Following Election Day, I wrote about how, under the current electoral system, the GOP would not win the Presidency again for decades. The reason for this is that states like Virginia, North Carolina, Florida and Texas were becoming purple. This would cause the Republicans to spend resources to hold onto states that have been traditionally Republican; they could not readily expand into Rust Belt states at the same time. But now, the Republicans have initiated a clever move, and the Democrats can’t actually talk about the real problem.

So, Republicans in Virginia are passing a law that divides the electoral votes in that state based on Congressional District. This is a system already in place in Maine and Nebraska. Each district gets one electoral vote; the popular vote winner in the state gets 2 electoral votes.

The Voting Rights Act required setting up what is known as majority-minority Congressional districts. The rationale for this is that, under the prior system, minorities were effectively disenfranchised since, in a state like Mississippi (with 40% African-Americans), for example, districts were gerrymandered to make them each 40% African-American. By doing this, with the racial basis for politics in the South, they were unlikely to garner very many Congressional seats in the region.

So, what the Act did was set up, in virtually each of these states, districts that concentrated the minority vote. This sounded fair to liberals so they agreed to it. That’s just one reason why liberals are not very bright; something that sounds fair must be right under their logic. Let’s first look at the rationale behind majority-minority districts.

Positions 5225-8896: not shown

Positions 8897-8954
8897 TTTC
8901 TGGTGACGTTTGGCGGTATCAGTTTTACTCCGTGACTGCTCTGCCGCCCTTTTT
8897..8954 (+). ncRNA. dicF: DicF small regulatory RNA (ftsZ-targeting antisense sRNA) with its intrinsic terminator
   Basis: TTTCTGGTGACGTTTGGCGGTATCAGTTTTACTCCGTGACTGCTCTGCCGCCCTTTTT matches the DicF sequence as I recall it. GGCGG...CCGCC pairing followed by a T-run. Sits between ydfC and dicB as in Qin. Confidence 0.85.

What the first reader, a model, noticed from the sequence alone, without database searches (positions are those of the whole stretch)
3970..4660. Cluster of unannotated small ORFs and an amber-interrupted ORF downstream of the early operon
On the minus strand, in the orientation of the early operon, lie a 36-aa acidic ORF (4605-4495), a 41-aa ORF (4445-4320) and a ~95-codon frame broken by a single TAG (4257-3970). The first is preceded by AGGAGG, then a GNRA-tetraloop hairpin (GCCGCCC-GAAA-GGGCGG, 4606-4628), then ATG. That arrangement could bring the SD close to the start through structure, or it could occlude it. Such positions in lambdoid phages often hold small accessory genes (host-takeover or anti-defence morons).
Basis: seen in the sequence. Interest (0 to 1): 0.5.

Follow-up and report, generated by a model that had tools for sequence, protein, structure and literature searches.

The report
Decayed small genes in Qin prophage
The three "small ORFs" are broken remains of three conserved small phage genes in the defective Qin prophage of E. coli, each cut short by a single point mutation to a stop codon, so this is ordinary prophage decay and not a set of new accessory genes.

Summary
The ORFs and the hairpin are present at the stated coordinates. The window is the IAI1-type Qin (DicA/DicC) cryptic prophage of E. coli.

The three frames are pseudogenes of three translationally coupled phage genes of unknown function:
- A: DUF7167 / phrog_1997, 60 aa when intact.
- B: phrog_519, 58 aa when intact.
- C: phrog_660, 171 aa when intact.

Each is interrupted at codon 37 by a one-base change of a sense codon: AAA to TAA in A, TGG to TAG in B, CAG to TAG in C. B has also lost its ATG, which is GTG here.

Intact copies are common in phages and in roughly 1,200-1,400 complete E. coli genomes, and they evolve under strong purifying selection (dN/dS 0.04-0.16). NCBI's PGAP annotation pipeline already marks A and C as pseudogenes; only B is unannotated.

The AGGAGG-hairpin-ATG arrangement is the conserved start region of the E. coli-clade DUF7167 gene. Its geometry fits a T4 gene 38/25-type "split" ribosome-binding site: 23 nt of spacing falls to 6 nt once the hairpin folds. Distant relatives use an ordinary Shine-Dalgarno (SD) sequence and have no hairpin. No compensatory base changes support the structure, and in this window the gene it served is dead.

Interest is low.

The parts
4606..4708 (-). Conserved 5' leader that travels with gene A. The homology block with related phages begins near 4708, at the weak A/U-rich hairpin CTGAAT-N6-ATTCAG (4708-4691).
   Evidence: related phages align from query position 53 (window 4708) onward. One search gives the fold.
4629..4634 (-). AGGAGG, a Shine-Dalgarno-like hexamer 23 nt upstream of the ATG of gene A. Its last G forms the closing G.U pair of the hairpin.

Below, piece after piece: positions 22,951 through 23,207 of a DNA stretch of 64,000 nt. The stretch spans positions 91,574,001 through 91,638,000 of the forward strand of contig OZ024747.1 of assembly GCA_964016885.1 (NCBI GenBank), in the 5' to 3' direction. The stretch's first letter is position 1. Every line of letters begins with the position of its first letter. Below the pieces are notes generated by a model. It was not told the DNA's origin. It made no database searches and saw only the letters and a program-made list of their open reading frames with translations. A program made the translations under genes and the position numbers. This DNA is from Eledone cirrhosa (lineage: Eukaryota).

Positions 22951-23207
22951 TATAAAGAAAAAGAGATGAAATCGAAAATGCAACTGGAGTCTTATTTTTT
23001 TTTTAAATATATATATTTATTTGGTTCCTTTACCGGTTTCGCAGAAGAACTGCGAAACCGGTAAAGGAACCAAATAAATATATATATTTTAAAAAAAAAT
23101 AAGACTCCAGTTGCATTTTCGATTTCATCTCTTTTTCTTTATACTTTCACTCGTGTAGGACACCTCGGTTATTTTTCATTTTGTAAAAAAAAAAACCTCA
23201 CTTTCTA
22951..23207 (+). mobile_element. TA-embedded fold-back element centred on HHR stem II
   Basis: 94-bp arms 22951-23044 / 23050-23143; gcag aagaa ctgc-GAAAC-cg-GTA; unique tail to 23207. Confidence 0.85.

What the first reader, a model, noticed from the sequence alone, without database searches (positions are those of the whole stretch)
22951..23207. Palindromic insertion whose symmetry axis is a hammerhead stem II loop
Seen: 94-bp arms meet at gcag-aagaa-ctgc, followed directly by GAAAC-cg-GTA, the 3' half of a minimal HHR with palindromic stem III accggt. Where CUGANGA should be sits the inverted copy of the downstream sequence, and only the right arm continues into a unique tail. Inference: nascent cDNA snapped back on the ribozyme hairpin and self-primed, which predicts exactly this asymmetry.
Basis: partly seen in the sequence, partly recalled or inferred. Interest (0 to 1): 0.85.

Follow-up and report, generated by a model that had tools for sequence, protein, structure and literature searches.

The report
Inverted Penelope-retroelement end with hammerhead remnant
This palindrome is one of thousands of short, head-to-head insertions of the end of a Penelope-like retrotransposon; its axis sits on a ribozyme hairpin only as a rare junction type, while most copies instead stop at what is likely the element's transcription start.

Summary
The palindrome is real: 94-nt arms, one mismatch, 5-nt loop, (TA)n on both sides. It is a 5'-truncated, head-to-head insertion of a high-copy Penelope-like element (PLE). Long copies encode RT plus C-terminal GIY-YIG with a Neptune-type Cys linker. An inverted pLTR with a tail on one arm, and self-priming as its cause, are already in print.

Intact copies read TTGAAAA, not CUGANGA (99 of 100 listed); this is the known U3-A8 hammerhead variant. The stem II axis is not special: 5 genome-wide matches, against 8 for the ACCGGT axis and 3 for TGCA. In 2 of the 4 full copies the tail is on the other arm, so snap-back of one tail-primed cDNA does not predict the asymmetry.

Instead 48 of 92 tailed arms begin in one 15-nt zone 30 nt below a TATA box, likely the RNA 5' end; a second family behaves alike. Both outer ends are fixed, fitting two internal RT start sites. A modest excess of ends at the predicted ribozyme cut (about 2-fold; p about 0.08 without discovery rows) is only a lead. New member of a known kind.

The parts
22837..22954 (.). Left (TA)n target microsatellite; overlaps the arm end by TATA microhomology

First, it is essential to understand that you can’t make a Congressional district 51% or even 55% minority and guarantee minority Congressmen. There are a couple reasons for this. First, African-Americans vote in midterm elections at a much lower participation rate than do whites. Second, if whites make up 45% of the population, they are likely to still have the majority of people of voting age, since the birth rate is so much different among races. So, what was done is that these majority-minority districts end up with 85% or 90% minorities.

Now let’s look at the problems that have occurred because of these districts.

• If you gerrymander one district to make it primarily African-American, then the other surrounding districts will become whiter, obviously. So, you end up with one Democratic district and a number of Republican districts. The beauty of this move from a tactical point of view is that white Democrats can’t complain. If they did, they would alienate minorities, making them even less likely to vote.
• The South is much more conservative than are the other regions. So, the Republicans elected end up being much more conservative than Republicans in other regions. This has moved the Republican Party to the right.
• Likewise, by placing a minority into a one-party district, they are guaranteed their seat, unless challenged by another minority in a primary. These representatives end up with the most seniority in the Democratic Party, giving them control of committees. They tend to be much more liberal than Democrats nationally, inducing that party to move to the left.
• When a person has their Congressional seat for life, they are much more likely to be corrupt. So, we end up with situations like Jesse Jackson, Jr. or Iceman Bill Jefferson.

The beauty of the Virginia change is that liberals can cry about it, but they can never explain the real reason for the problem. So, I’d expect, as other states in this region to change their allegiance to become more independent, that they would also change their system to match Virginia. I read a number of liberal websites today; not one of them talked about this situation; they just cried ‘whaa, whaa, whaa, all the way home.’